>> In article
>>>> > Are "white" LEDs legally white. As in, a white lamp must be fitted to
>>>> > the front of the vehicle and a red lamp must (usually) be fitted to
>>>> > the rear and operational during times of darkness.
>>>> > ==========================================
>>>> > Yes, they are. If you compare older incandescent car headlights
>>>> > with later halogen lights one will appear to have a yellow tinge
>>>> > whilst the other appears bluish. Both are legally white.
>>>> > http://SportToday.org/
>>>> > From a legal standpoint you can use a hurricane lamp if you wish,
>>>> > or even a candle with a glass wind shield. There is no legal
>>>> > requirement
>>>> > to use an electric light, the law was made before electric lighting
>>>> > became commonly available.
>>>> > http://SportToday.org/
>>>> > Legally the lights are required so that you can be seen, not for you
>>>> > to
>>>> > see by; in Britain a high brightness red rear fog lamp is now a legal
>>>> > requirement.
>>>> That was the issue all along - that it's based on power not brightness.
>>>> It's how you can have incredibly bright car headlights based on halogen
>>>> and other metals and really shite yellowish bulbs that are still bits of
>>>> coiled wire - both are perfectly legal as the power consumption is the
>>>> LED's gave us the chance to 'shine', the battery life is a bonus.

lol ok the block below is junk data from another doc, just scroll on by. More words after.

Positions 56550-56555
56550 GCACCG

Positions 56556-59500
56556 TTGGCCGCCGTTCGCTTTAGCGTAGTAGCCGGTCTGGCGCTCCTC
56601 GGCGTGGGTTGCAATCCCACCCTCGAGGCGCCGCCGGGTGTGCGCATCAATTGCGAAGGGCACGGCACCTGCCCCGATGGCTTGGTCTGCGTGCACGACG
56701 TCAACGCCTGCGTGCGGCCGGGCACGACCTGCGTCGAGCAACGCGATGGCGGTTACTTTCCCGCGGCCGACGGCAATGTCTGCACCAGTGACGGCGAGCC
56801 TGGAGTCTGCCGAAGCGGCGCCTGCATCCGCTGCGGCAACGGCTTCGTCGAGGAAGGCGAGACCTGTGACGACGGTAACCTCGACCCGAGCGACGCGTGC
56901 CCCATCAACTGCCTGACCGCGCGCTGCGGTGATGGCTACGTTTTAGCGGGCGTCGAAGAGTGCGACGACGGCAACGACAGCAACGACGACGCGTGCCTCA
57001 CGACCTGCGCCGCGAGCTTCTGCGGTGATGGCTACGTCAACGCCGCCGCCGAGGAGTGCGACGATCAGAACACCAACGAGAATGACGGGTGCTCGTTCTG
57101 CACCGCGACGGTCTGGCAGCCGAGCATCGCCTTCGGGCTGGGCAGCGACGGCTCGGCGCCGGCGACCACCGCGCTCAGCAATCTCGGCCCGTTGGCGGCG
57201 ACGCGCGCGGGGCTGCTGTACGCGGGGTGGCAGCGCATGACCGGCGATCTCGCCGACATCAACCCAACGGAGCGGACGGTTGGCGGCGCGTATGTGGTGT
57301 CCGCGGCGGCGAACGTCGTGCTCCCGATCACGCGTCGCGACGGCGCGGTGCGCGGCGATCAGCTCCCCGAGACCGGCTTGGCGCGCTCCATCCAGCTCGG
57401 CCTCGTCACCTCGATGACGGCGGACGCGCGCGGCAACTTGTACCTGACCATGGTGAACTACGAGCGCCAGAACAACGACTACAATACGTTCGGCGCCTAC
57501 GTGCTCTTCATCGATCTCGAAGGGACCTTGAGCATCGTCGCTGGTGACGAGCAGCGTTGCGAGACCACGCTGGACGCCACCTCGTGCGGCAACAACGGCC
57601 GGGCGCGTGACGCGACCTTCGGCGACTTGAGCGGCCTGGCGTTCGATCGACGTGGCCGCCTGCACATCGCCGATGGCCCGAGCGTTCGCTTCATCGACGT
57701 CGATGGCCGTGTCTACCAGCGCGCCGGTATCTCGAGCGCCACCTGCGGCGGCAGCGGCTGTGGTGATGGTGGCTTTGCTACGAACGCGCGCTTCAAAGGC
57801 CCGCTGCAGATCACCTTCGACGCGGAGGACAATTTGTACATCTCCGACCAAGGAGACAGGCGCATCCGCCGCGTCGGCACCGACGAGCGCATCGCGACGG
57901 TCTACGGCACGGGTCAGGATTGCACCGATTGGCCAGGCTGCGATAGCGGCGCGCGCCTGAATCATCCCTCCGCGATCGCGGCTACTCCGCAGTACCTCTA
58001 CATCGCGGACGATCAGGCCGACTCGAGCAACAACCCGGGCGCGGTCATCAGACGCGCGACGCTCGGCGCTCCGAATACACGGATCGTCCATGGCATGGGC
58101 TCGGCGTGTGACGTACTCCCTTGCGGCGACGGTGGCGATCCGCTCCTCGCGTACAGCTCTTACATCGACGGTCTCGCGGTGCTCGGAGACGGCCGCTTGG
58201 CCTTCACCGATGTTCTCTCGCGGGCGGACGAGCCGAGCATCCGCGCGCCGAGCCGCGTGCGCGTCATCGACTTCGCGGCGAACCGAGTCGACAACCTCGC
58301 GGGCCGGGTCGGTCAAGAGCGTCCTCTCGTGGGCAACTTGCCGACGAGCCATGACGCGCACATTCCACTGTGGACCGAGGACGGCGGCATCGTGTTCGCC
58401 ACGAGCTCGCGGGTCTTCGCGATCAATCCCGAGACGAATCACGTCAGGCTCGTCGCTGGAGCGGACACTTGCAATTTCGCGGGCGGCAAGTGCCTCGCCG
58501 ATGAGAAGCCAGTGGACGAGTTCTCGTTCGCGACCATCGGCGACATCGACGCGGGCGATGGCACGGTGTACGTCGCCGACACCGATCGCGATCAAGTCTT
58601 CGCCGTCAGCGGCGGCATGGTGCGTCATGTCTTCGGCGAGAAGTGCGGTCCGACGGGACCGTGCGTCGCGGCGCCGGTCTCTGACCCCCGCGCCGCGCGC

>>> I don't think there is any point in attempting to compete with car
>> There seems to be a mindset that that is indeed what
>> bike riders need to do, either in terms of o/p wattage
>> or brightness. In city traffic, blinking lights + speed
>> difference + positioning on the street does the trick
>> nicely -- as long as the batteries don't fade.
> So get a lead-acid battery from a motor-cycle.
> The weight won't affect your speed, just your acceleration,
> and when you get tired pedalling you can run a motor from
> it. Electrically propelled bicycles have been around for a while
> Anyway, bikes are faster than cars in city traffic which is why
> couriers use them.
I'm quite happy w/ my old-school generator + Union headlight,
supplemented a little with flashlight battery lights.
It is enough. A lead/acid ***cycle battery would
be overkill in terms of power o/p, let alone environmental
concerns when the damned thing is ready to be discarded.
The venerable Union headlight still works well because of
its intelligently designed Fresnel(ish) lens + reflector,
and the broad disc of light it emits.
New technology isn't always better technology. A lot
of times, predecessors have already figured things out
for us, that continue to work quite well. In that vein,
I guess posterity needs us contemporaries to figure out
how to make LEDs work best for 'em -- if indeed It Is
Written that posterity will only have LEDs at their avail.
Frankly, when riding at night, I don't even want to
turn night into day. That's not what bicycles are for.
Adaptation requires artfulness & finesse, not the
Brute Force & Ignorance impinged by the ongoing quest
for "better/stronger/brighter," and for technologies
that do our brainwork for us.
Nothing is safe from me.
I'm really at:
tkeats curlicue vcn dot bc dot ca